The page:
As Scotty says: "A few seconds after they sent this one up through the transporter, that duplicate appeared. Except it's not a duplicate, it's an opposite. Two of the same animal, but different. One gentle, this. One mean and fierce, that. Some kind of savage, ferocious opposite. Captain, we don't dare send Mister Sulu and the landing party up. If this should happen to a man..."

So Sulu and the landing party are stuck on the planet below where it gets really, really cold (-120). Meanwhile, Opposite Kirk demands Saurian Brandy from Dr. McCoy (he keeps the good stuff in Sick Bay) and heads for Yeoman Rand's quarters.
There Opposite Kirk attacks her. She narrowly escapes rape, scratching his face in the process of fighting him off. Unfortunately soon afterwards Rand has to explain the attempted rape to Spock, McCoy and Kirk, the person she is accusing. Wow, shouldn't there be a female security person or maybe Nurse Chapel available for her to talk tot? Apparently not.

When the scratches are described it is realized that there is a duplicate Kirk on board.
I'm Captain Kirk. I'm Captain Kirk! I'm Captain Kirk!! I'm Captain Kirk!!!
Kirk's duplication eventually leads to him to have problems making command decisions. Spock sees this as something to study:
Spock: We have here an unusual opportunity to appraise the human mind, or to examine, in Earth terms, the roles of good and evil in a man. His negative side, which you call hostility, lust, violence, and his positive side, which Earth people express as compassion, love, tenderness.
McCoy: It's the Captain's guts you're analyzing. Are you aware of that, Spock?
Spock: Yes, and what is it that makes one man an exceptional leader? We see indications that it's his negative side which makes him strong, that his evil side, if you will, properly controlled and disciplined, is vital to his strength. Your negative side removed from you, the power of command begins to elude you.
Meanwhile, Sulu and the landing party aren't having much of a party as they learn that the shuttlecraft hasn't been invented yet.
Chases, the first Vulcan neck pinch, escapes and more ensue. Then comes the opportunity to reunite Kirk's two halves. It is tried first with the dog-like animal. It is made whole again but dies in the process.

Did it die of fright? Might human intelligence keep that from happening to Kirk? As Spock says: "Being split in two halves is no theory with me, Doctor. I have a human half, you see, as well as an alien half, submerged, constantly at war with each other. Personal experience, Doctor. I survive it because my intelligence wins over both, makes them live together. Your intelligence would enable you to survive as well."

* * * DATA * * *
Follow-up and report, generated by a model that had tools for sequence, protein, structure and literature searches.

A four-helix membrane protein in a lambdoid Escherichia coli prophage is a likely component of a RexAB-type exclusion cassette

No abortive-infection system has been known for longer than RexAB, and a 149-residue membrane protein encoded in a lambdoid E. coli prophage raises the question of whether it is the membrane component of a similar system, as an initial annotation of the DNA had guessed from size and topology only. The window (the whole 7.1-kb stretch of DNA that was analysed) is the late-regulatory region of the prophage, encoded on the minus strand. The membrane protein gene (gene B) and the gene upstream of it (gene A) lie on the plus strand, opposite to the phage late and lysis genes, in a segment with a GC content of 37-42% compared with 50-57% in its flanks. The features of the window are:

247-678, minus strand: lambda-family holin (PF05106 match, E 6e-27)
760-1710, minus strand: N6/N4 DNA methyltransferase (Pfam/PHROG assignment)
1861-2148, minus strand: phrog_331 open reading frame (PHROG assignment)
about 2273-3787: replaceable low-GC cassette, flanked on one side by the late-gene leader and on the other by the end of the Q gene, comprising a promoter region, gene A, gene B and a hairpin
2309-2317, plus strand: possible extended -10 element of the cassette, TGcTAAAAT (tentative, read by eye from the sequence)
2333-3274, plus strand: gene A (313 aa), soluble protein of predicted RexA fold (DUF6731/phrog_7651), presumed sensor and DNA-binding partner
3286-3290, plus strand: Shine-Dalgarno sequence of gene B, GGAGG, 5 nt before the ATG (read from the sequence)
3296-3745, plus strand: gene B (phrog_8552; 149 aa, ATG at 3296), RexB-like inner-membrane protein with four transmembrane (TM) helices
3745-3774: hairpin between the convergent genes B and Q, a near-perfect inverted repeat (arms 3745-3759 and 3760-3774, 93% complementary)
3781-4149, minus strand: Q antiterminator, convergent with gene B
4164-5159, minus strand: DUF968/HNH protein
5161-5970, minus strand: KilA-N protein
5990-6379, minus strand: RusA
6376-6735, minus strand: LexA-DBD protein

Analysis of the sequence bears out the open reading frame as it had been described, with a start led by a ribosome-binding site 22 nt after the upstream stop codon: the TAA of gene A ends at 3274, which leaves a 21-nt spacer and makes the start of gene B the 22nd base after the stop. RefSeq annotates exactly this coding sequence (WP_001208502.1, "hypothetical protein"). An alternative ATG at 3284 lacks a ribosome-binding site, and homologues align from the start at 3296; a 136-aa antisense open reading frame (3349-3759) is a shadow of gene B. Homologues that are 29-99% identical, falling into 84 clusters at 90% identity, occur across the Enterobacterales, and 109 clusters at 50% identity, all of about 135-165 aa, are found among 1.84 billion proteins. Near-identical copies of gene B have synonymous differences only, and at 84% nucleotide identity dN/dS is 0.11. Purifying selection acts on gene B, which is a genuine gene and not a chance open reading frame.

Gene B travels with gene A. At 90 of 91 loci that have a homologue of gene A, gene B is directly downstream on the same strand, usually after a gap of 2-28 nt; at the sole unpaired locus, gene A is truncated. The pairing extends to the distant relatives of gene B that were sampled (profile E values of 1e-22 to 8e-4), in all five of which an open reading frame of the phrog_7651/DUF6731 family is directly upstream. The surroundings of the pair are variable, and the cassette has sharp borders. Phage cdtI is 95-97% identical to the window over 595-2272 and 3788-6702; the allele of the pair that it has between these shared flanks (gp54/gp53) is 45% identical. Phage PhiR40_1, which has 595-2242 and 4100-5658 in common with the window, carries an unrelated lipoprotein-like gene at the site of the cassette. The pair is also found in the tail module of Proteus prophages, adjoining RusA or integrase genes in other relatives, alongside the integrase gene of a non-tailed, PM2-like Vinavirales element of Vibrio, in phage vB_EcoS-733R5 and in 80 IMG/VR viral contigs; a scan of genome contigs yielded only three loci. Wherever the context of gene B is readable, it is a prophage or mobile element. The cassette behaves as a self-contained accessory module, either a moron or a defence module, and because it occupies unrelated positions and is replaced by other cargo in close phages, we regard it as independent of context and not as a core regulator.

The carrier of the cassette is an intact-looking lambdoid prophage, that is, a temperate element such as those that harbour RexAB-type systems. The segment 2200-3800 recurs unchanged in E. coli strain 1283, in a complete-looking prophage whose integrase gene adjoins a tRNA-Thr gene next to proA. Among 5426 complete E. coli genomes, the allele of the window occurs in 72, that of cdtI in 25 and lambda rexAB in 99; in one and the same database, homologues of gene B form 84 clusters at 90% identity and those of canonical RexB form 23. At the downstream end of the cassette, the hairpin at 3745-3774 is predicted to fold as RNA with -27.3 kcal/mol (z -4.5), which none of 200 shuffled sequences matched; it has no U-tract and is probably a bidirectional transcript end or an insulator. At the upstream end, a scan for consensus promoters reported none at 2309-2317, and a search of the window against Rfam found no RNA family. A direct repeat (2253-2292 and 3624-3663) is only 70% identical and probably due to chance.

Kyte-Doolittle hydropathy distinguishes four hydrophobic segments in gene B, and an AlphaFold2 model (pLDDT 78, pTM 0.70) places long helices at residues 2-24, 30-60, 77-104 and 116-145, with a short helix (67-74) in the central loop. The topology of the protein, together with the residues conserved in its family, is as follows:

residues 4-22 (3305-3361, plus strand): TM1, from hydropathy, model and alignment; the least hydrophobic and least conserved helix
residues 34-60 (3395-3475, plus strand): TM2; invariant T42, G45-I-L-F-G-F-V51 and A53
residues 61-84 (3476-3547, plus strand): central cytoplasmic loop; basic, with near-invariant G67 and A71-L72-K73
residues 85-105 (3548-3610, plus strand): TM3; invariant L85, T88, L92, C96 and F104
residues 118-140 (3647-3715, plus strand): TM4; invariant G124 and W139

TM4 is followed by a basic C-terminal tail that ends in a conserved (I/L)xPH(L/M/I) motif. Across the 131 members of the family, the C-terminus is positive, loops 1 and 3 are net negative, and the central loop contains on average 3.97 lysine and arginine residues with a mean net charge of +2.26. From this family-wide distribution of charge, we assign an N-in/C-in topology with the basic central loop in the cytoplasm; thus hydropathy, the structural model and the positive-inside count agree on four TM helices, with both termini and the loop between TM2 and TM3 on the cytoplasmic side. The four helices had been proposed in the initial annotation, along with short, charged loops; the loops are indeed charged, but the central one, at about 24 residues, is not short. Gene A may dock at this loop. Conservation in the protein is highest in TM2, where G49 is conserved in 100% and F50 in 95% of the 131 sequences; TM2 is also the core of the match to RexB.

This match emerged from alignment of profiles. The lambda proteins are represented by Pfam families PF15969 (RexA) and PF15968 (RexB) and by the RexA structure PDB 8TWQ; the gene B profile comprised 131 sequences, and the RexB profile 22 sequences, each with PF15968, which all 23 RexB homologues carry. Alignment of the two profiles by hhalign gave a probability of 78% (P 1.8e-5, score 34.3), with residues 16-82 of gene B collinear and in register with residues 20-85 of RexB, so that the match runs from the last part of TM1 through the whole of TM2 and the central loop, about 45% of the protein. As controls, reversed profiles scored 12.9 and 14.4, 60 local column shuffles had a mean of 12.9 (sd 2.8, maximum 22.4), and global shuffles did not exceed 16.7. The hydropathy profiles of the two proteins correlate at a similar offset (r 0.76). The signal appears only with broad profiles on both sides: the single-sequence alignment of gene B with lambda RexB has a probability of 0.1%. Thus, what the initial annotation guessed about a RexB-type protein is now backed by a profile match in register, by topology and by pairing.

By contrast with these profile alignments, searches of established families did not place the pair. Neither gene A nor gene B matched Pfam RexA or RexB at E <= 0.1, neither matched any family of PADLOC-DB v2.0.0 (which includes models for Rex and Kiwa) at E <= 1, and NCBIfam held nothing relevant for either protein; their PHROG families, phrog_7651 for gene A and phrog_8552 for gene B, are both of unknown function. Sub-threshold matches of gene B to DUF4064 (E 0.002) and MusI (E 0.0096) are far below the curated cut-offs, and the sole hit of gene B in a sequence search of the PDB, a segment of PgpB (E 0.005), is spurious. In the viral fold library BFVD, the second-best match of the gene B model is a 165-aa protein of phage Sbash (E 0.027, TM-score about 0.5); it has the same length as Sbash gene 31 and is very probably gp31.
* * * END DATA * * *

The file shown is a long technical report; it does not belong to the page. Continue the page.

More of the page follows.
Interesting that Spock says it is the Human half that we see and his alien half is submerged. Isn't that backwards? But then again, this is an early episode in the series. Earlier in the episode he is clearly annoyed, but the most out of character moment for Spock in the episode is a shocker.

At the very end, after *spoiler* Kirk is reunited with himself, Rand gives Spock something to sign. Now remember, Rand was nearly raped by the Opposite Kirk, right? Spock leers at her and says: "The impostor had some interesting qualities, wouldn't you say, Yeoman?"

Wait. What? That's right, "emotionless" Spock seems to get pleasure taunting her about this. It is almost like he is saying: "I'll bet you like it rough, don't you baby." Sheesh. Generally Spock is all kinds of awesome, but at this moment? No.

Wow. Moving on. I know that Shatner is famous in some circles for overacting, but I think that he does a fine job here. Everything here -the story, the lighting the music - is a bit over the top, but that is the point.

The episode is given greater oomph by its top notch music. Composer Sol Kaplan, who also scored The Doomsday Machine, wrote nearly 23 minutes of music for The Enemy Within. All of it is classic Trek. If you have seen the series, you will likely recognize all of it. Much of this music was tracked into other episodes as well. You can hear one track of this score, The Rock Slide/The Beam Up/Evil Kirk on La-La Land Records page for the complete release of music for the series. My favorite track title for The Enemy Within: Another Brandy/The Evil Grin/Double Dog Death.

By the way you can watch the entire episode on line right here. Next up? The Man Trap.

Finally, an accidental transporter duplication happened in TNG too. In an episode called Second Chances, we learn that a duplicate, but non-evil, copy of Riker was made from a transporter reflection. Maybe traveling by transporter isn't as safe as everyone says.